4. Do not not stir. Cover for exactly three minutes. Do not take lid off.
      Use slotted spoon to scoop out.

  2. Pingback: Cauliflower Hash with Poached Eggs - Positive Image Fitness
  3. I also use the vinegar trick – don’t even remember where I learned it, it’s just part of the body of lore that you accumulate in a life of cooking. Something I’ve but recently realized is that the quality of the egg is not just important – it’s critical to making a perfect poached – or fried,or baked, or even scrambled – egg.

    It’s late in the Summer here in the Pacific Northwest, and the chickens that have been roaming in our neighbors fields are filled to their gizzards with grubs and goodness. Their eggs have thick shells that take a bit more than a crack on the base of the pan to open them, firm, jelly-like quivering whites and glorious orange-yellow yolks.

    With eggs like this, it’s not only much easier to make a perfect poached egg – even the imperfect ones taste so good!! Love your blog, discovered it via a FB friend. You’re inspiring me to re-launch my own food blog.



  4. You’re right about food blogs now serving as instruments for research. Whenever something tricky comes up, we go to the blogs to see what’s out there. You never know what you’ll find. if you say this perfect, we have to believe you!

  5. Okay. You asked. So here goes. I hate the poached egg pot that come with cups. If the egg never touches water it is NOT poached it is steamed. It also does not cook evenly. In order to get the top totally set you have to overcook the bottom (where the yolk sit). A poached egg with a hard yolk is just a messy hard boiled egg. Just have a hard boiled egg instead. Oh heck, while your at it have deviled eggs they are better that way anyway. But you asked about a poached egg and it goes like this: Bring at least 4 inches of water to a simmer or very low boil, in a deep pot. I never add vinegar because I taste it. Instead I break one egg into a sloped-sided tea cup. Always use fresh eggs. If you can’t see the difference between the thicker part of the white and the waterier part of the white, the yolks will probably break in the pan. Use that egg for something else like an omelette. Anyway, once the water is a simmer or low boil I tip the teacup into the water letting a little of the hot water into the cup. Once the white starts to get a tiny bit opaque I gently slide the whole egg into the pot. I use a spoon to make sure the egg doesn’t immediately attach itself to the bottom of the pot. Then I walk away and I don’t disturb it. Timing of course is key. How long depends on how many eggs. I like my yolks quite runny so I’ll cook 4 eggs for 4 to 5 minutes. I have trouble getting good results if I do more than 4 eggs no matter how large the pot. So if I need more I work in batches with a fresh pot of clean water. GREG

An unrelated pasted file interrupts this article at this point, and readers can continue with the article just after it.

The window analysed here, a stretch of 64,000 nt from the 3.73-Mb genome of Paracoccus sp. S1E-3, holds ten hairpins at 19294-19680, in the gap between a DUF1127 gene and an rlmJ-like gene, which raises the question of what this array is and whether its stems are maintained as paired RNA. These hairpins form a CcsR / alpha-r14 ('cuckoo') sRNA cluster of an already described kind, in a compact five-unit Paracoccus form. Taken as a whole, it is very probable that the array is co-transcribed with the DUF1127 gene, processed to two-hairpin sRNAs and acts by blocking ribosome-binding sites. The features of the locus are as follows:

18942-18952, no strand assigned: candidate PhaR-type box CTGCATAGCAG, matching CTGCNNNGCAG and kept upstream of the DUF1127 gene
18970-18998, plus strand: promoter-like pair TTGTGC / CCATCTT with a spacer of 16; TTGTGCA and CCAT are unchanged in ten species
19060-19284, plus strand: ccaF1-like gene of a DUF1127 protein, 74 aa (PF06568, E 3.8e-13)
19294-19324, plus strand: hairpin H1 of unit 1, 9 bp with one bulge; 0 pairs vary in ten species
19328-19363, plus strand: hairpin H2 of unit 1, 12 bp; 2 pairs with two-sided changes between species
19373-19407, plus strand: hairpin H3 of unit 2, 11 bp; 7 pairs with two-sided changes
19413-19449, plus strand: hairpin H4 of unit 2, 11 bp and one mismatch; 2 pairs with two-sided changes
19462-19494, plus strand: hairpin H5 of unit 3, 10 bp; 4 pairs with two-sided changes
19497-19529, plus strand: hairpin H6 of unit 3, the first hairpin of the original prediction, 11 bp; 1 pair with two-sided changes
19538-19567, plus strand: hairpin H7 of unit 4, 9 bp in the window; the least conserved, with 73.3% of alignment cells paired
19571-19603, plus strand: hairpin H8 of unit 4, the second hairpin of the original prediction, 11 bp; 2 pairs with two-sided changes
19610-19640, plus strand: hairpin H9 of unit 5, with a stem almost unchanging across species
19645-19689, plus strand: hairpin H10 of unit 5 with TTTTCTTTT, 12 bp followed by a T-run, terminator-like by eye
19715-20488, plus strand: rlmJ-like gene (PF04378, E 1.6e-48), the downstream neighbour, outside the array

1. I just tried this because I want to make the spaghetti squash hash browns tomorrow, and put the poached eggs on top. My eggs turned out pretty good! I only had apple cider vinegar, and it worked just fine with no taste.

  6. Cooking eggs to please everyone is a tricky business Angela. With practice we can get them just the way we like them but I am quite sure you are right when you say it sometimes a fluke that brings us perfection…or not.

  7. I use a poached egg an insert that came with the first set of cookware I bought when I was 19 yrs old. That cookware is long gone but I kept the insert so I’ve never tried them any other way; especially because they seem so problematic. I’ll try this though…would be even easier than the insert!

  8. Is it really this easy? I must try. My family does love an occasional Eggs Benedict, but the eggs are, as you said, hit or miss.

5 from 2 votes (2 ratings without comment)